Sweltering Heat Wave Expected to Shatter Temperature Records Across the Country

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A sweltering heat wave is expected to shatter temperature records across the United States, with millions of people under threat from oppressive heat and humidity. The National Weather Service is warning of a “dangerous and historic heatwave” that is set to peak between Sunday and Wednesday.

By Saturday morning, temperatures had already broken records in several cities, including Phoenix, which reached 100 degrees Fahrenheit (38 degrees Celsius) by 10:30am. The city saw a record high of 118 F (47.7 C) for the date on Friday.

The heat wave is expected to affect a wide area, with temperatures reaching 115-120 degrees Fahrenheit (46.1-48.8 C) in the lower deserts. Even the upper elevations, including Lake Tahoe, are under rare heat advisories, with temperatures not expected to dip below 100 degrees Fahrenheit (37.8 C) until next weekend.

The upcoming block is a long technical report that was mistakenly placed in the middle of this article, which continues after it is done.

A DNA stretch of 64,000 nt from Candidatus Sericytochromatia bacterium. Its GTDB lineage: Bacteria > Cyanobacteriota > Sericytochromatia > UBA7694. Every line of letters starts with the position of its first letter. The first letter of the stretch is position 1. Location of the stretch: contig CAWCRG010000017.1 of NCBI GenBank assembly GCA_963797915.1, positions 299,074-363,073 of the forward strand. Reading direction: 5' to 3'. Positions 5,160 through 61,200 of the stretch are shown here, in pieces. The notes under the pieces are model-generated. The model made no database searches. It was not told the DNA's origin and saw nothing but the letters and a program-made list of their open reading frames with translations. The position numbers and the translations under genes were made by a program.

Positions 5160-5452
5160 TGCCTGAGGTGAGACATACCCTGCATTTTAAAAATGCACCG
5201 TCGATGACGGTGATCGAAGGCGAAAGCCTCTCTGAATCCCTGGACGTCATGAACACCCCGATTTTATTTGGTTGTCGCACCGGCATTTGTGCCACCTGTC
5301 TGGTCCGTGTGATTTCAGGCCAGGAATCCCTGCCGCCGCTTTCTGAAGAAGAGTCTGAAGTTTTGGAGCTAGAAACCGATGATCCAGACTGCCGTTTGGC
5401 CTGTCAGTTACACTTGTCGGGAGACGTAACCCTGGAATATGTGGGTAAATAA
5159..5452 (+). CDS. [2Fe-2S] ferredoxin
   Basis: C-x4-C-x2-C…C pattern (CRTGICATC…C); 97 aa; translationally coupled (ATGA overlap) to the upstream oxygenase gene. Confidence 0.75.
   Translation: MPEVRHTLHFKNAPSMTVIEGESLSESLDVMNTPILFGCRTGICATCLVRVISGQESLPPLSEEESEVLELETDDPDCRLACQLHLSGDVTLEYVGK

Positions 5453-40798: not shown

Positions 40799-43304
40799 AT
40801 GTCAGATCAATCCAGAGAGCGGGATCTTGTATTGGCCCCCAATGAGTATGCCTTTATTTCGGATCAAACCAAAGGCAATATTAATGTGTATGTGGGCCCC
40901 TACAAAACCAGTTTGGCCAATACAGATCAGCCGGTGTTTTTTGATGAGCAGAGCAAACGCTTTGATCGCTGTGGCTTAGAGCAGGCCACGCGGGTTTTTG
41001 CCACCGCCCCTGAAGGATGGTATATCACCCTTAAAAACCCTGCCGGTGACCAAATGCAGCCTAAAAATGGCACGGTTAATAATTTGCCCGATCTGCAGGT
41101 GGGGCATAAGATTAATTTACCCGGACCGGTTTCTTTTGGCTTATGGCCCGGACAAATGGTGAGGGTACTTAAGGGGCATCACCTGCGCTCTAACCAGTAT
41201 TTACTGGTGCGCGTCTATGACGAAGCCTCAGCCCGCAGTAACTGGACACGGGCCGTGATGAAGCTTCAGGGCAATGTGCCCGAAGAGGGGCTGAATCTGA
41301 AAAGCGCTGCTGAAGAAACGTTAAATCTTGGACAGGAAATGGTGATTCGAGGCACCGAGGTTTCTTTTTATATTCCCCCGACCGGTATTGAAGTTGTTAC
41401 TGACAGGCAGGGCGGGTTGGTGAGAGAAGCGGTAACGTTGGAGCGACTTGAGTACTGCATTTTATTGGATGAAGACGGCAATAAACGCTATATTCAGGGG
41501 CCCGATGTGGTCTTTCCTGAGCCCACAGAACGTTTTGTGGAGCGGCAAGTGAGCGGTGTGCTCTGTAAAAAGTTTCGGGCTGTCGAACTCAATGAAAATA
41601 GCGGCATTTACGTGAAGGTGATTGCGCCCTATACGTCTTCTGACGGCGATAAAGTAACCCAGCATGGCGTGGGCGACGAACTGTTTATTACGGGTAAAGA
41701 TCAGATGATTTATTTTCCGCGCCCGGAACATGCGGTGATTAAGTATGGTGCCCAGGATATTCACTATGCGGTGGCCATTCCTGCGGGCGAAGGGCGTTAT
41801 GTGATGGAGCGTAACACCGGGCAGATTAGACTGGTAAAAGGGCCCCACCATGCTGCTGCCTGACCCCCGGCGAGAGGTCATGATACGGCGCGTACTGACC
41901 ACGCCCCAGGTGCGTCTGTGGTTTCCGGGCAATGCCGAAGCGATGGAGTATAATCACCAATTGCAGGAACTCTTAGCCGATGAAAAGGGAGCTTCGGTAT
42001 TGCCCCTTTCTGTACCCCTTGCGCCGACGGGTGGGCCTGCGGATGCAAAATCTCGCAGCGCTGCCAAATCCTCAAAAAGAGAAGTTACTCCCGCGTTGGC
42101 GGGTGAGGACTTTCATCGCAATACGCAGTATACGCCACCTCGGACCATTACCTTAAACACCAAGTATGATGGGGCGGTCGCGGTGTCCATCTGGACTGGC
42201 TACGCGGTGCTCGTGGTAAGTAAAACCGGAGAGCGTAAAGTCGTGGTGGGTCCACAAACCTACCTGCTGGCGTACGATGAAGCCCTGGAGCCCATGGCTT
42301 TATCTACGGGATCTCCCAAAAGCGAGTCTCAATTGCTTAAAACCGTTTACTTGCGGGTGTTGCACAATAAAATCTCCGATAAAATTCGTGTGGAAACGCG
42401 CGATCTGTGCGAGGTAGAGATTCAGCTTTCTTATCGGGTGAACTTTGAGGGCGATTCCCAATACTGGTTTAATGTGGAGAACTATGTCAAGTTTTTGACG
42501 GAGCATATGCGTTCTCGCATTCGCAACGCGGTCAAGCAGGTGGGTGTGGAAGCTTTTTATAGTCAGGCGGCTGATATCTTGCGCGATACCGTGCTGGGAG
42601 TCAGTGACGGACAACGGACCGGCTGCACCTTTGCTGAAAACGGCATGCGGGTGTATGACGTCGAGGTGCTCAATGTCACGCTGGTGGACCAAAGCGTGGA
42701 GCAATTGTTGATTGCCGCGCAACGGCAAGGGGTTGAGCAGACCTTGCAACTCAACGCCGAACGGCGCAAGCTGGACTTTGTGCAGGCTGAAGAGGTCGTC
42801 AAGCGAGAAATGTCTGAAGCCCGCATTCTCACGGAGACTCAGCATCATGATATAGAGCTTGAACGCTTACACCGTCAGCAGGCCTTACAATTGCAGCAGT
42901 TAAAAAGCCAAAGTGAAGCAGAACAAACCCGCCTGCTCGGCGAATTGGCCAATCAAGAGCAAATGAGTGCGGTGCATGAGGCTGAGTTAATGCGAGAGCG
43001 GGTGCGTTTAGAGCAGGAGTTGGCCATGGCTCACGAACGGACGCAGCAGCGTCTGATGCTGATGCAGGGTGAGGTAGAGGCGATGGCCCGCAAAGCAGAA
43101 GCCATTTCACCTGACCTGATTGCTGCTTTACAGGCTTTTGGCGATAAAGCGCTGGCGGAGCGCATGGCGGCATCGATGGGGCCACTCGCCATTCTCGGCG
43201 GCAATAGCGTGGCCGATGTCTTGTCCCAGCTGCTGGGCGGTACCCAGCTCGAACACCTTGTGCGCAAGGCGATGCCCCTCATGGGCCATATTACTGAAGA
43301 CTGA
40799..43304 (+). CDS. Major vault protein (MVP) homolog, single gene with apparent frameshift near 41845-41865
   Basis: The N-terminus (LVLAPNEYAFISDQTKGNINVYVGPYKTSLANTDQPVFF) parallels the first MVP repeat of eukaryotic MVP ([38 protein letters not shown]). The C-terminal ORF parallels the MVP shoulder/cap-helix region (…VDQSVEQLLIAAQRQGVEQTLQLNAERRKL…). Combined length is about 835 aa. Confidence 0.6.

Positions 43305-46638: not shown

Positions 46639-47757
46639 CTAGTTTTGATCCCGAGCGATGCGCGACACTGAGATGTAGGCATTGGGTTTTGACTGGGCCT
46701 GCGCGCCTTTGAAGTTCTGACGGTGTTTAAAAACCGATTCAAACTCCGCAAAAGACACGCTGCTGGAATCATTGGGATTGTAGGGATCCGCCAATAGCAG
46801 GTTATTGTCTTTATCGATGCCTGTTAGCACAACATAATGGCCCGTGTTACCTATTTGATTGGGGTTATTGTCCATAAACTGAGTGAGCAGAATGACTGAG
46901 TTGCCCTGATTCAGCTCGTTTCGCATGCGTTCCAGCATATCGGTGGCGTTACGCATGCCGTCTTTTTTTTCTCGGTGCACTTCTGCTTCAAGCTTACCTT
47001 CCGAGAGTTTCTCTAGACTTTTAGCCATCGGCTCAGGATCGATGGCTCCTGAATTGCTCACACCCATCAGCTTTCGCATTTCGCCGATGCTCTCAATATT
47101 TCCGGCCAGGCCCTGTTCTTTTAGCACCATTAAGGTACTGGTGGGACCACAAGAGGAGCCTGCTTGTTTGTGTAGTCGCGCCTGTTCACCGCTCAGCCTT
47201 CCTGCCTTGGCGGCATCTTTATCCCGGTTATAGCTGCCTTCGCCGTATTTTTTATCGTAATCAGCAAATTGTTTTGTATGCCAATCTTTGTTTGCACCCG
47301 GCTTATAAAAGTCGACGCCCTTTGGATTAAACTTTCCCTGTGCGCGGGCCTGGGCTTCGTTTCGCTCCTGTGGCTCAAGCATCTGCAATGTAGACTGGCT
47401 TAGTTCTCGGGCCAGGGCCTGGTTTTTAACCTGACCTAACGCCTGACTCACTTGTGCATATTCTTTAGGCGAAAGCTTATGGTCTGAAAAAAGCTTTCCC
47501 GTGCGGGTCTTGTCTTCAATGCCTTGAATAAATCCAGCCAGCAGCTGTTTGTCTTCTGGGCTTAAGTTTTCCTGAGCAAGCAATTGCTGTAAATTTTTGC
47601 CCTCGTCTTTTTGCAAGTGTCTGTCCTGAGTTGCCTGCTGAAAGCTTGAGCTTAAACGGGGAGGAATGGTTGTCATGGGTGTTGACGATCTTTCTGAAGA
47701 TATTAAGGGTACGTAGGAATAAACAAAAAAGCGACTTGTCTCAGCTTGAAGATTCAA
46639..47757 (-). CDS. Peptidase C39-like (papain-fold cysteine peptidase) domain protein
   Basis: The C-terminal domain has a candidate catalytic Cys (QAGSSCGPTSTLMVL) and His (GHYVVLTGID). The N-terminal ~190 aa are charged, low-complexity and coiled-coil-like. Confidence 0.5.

California is also experiencing extreme heat, with Death Valley setting a new record high temperature of 127 F (52.8 C) on Friday. Palm Springs, California, hit 124 degrees (51.1 C) on Friday, breaking its all-time record high of 123 degrees (50.5 C).

The heat is taking a toll on people, with at least 13 confirmed heat-related deaths reported in Arizona this year. In California, firefighters are battling several wildfires, including the Lake Fire, which has scorched over 19 square miles (49 square kilometers) of land.

As the heat wave continues, people are finding ways to cope. At the Waterfront Blues Festival in Portland, Oregon, music fans are drinking cold water, seeking shade, and using water misters to cool off. Some are even taking advantage of free air conditioning in a nearby hotel.

The National Weather Service is urging people to take precautions to avoid heat-related illnesses, including staying in air-conditioned spaces, wearing light and loose clothing, and drinking plenty of fluids.

Associated Press
Associated Press
The Associated Press is an American not-for-profit news agency headquartered in New York City.

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